"Shortly after he assumed office as Comptroller General about three years ago, he ensured that the Nigeria Customs Service acquired the status of e-customs. By this status, every operation of the Customs has been configured and computerized. The NCS has a whole department dedicated to ICT formerly Asycuda version 2.7 but now upgraded to version 3.0 (Asycuda++) which sees to all aspect of e-customs that is e-transmission of manifest, e-declaration through the introduction of Direct Trader Input (DTI), e-release of cargo, e-payment, e-remittance of duty collection by commercial banks to the Central Bank of Nigeria and e-reconciliation.

"The Service in the last three years formulated policies and strategies for the enhancement of national revenue collection and the facilitation of World trade.

The introduction of self-assessment and up-front e-payment in 2010 was meant to curtail serial avenues of revenue leakages by making sure that all import duties are promptly paid up-front and Risk Assessment Reports (RARs) fully utilized.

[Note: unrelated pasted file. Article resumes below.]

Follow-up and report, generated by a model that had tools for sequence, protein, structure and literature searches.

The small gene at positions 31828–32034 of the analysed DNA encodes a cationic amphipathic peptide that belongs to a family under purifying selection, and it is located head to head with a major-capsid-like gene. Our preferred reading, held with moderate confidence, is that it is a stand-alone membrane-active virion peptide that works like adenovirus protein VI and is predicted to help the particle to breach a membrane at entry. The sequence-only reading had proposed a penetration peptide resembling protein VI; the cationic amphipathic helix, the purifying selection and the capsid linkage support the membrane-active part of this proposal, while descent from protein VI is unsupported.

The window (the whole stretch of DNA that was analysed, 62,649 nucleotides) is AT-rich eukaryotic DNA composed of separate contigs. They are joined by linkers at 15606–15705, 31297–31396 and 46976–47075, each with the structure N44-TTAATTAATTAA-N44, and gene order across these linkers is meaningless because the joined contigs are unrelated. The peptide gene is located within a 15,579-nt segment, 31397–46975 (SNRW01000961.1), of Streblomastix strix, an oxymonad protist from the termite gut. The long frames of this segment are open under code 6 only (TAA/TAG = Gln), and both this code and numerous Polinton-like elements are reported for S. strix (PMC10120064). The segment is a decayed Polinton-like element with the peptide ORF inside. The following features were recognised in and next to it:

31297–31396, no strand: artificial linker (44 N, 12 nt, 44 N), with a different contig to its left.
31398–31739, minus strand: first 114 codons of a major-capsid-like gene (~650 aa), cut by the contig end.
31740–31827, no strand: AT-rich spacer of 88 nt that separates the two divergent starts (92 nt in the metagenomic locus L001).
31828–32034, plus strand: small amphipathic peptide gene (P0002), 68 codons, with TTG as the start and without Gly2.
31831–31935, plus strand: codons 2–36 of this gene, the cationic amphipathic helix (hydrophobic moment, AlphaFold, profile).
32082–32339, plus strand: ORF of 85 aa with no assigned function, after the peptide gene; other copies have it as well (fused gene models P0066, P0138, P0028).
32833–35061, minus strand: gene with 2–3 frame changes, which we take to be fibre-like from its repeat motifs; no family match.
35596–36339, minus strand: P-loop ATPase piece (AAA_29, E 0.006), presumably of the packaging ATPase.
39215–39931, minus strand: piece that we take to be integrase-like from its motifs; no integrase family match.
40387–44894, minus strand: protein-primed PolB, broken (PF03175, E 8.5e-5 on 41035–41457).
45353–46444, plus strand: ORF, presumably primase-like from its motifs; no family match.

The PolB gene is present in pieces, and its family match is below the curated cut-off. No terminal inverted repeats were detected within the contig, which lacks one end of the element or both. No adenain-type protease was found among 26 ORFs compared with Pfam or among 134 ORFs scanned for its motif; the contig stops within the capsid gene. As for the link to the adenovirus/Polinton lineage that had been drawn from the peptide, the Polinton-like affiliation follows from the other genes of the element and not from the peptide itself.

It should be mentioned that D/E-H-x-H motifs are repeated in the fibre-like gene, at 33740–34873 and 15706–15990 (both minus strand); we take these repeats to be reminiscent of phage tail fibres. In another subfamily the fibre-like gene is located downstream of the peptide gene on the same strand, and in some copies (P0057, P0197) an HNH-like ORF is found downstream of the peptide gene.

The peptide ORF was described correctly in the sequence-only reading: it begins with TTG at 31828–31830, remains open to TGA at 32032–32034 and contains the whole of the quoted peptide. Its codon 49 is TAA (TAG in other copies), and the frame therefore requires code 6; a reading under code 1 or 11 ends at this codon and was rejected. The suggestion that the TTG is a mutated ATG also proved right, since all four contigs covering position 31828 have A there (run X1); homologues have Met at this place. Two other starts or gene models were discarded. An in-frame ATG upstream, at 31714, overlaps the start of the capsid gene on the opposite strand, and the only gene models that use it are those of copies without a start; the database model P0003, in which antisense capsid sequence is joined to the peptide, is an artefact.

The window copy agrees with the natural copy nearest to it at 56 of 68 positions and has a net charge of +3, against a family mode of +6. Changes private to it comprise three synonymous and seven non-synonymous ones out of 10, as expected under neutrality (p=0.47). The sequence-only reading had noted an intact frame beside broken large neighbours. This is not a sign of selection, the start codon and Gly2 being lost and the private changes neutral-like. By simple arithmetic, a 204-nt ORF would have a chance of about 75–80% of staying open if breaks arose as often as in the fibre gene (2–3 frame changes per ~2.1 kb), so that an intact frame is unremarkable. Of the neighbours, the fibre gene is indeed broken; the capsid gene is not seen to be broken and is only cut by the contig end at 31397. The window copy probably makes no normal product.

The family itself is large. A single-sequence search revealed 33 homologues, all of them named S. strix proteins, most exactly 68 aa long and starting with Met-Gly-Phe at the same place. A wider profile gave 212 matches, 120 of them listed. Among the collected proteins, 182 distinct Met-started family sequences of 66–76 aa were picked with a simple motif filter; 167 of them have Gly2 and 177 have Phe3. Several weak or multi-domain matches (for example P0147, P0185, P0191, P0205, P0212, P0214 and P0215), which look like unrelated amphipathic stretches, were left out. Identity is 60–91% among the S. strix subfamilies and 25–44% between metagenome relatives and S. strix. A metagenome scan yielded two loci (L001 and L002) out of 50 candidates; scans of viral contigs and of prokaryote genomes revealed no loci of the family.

"Promotion and facilitation of trade within onshore and hinterland were enhanced by pruning down the number of agencies at all entry points and dismantling of all Customs check points within the country. Transparency of Customs operations through the single window system with relevant stakeholders in the Maritime business was introduced.

"The introduction of Risk Management and Post Clearance Audit (PCA) in the clearance process and Fast Track Clearance for Compliant Traders Authorized Economic Operators (AEO) had drastically reduced the hitherto upsurge of sharp practices among maritime operators.